Glossary terms for 'M'
|Marginals|| The row and column totals of a contingency table. For example, looking at the marginals in the 2 x 2 table showed that there were similar numbers of men and women in the study.|
|Matching||In a case-control study, the process of selecting controls to be similar in certain attributes to cases, to reduce confounding by those attributes. For example, in a case-control study of the risk factors for brucellosis, controls were matched to cases by age (within 3 years), sex, and county of residence. See also overmatching. |
|Mean||The average value of a continuous variable in a sample or population; calculated as the sum of all the values of that variable divided by the number of subjects. For example, the mean serum cholesterol level in a sample of 287 middle-aged women was 223 mg/dL. See also median and standard deviation. |
|Measurement error||The situation in which the precision or accuracy (or both) of a measurement is less-than-perfect; thus there is at least some measurement error for most variables (with the possible exception of death). For example, to reduce measurement error, the investigator used a 2 kg stainless steel weight to calibrate the baby scale weekly.|
|Median||The value of a variable that divides a sample or population into two halves of (approximately) equal size; equivalent to the 50th percentile. Often used when a continuous variable has a few very high (or very low) values that would overly influence the mean value. For example, the median annual income in the sample of 54 physicians was $225,000. See also mean and standard deviation. |
|Medical test studies||A general term used for studies that measure how well a test (or a series of tests) identifies patients with a particular diagnosis or outcome. For example, the investigator performed a medical test study to determine the likelihood ratios for the presence and absence of typical angina (defined as exertional substernal chest pain or pressure) for the diagnosis of coronary artery disease. |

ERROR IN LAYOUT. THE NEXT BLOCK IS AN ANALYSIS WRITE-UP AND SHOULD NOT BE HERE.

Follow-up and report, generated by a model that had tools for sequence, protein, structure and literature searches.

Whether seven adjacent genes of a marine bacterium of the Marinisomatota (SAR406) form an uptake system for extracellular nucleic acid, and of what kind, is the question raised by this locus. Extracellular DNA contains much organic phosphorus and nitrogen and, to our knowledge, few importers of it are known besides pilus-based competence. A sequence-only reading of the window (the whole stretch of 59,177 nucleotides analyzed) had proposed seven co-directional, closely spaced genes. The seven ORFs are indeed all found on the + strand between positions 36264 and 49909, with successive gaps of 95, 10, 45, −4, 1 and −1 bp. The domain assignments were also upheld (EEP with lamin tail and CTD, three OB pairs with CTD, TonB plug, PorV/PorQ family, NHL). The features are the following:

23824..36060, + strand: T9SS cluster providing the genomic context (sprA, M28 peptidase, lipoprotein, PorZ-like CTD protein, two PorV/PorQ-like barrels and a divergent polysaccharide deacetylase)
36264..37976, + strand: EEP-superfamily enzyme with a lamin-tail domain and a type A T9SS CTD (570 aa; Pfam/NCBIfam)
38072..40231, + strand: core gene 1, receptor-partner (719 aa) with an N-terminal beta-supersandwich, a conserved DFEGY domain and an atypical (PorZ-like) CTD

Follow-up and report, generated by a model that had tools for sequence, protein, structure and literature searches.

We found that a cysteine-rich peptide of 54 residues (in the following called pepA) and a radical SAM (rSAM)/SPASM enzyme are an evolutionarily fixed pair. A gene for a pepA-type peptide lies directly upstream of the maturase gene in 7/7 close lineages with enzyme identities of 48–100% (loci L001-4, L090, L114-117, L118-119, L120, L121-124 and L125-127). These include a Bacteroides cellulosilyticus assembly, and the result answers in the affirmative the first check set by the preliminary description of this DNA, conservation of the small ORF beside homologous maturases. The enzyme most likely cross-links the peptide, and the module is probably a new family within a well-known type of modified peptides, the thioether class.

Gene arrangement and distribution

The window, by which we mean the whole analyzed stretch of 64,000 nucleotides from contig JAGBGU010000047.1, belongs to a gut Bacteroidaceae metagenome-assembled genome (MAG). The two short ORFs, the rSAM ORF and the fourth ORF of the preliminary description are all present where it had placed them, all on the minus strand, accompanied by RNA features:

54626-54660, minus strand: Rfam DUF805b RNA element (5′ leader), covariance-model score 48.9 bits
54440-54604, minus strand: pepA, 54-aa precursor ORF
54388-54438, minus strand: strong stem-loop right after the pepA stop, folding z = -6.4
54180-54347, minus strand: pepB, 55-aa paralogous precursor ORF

|Meta-analysis||A process for combining the results of several studies with similar predictor and outcome variables into a single summary result. For example, a meta-analysis of 12 published studies found that use of non-steroidal anti-inflammatory drugs was associated with a 28% greater risk of developing asthma.|
|Missing data||Data that were not collected during a study, whether at baseline or during follow-up. For example, the investigator was concerned that the relatively large proportion (34%) of subjects who had missing data on alcohol use may have biased her study of the risk factors for falls.|
|Multiple hypothesis testing||The situation in which an investigator studies more than one?and usually many more than one?hypothesis in a study, thereby increasing the risk of making a Type I error (see below) unless the level of statistical significance (see alpha, above) is adjusted. For example, although the investigator reported a statistically significant (P = 0.03) association between consumption of Vitamin D and cognitive decline, her results were criticized because she did not account for the effect of multiple hypothesis testing, since the study had looked at more than 30 nutritional supplements. See also Bonferroni correction.|
|Multiple-cohort study||A cohort study (see above) that enrolls two or more distinct groups of subjects (the cohorts), and then compares their outcomes. Often used in studies of occupational exposures, in which the cohorts being compared are either exposed to a potential risk factor or not. For example, the investigators performed a multiple cohort study of whether exposure to cosmic rays during airplane flights is associated with an increased risk of hematologic malignancies; the investigators studied four cohorts: pilots and flight attendants (who would be exposed to cosmic rays) and ticket agents and gate attendants (who would not). |
|Multivariate adjustment||A general term for the statistical techniques used to adjust for the effects of one or more potential confounding variables on the association between a predictor and outcome. For example, using multivariate adjustment, the study found that ingestion of supplemental Vitamin D was associated with an increased risk of cognitive decline, adjusting for age, sex, education, baseline cognitive function, and smoking.|
Glossary material from Hulley SB et al. Designing Clinical Research, 4th ed. Philadelphia, Lippincott Williams & Wilkins, 2013.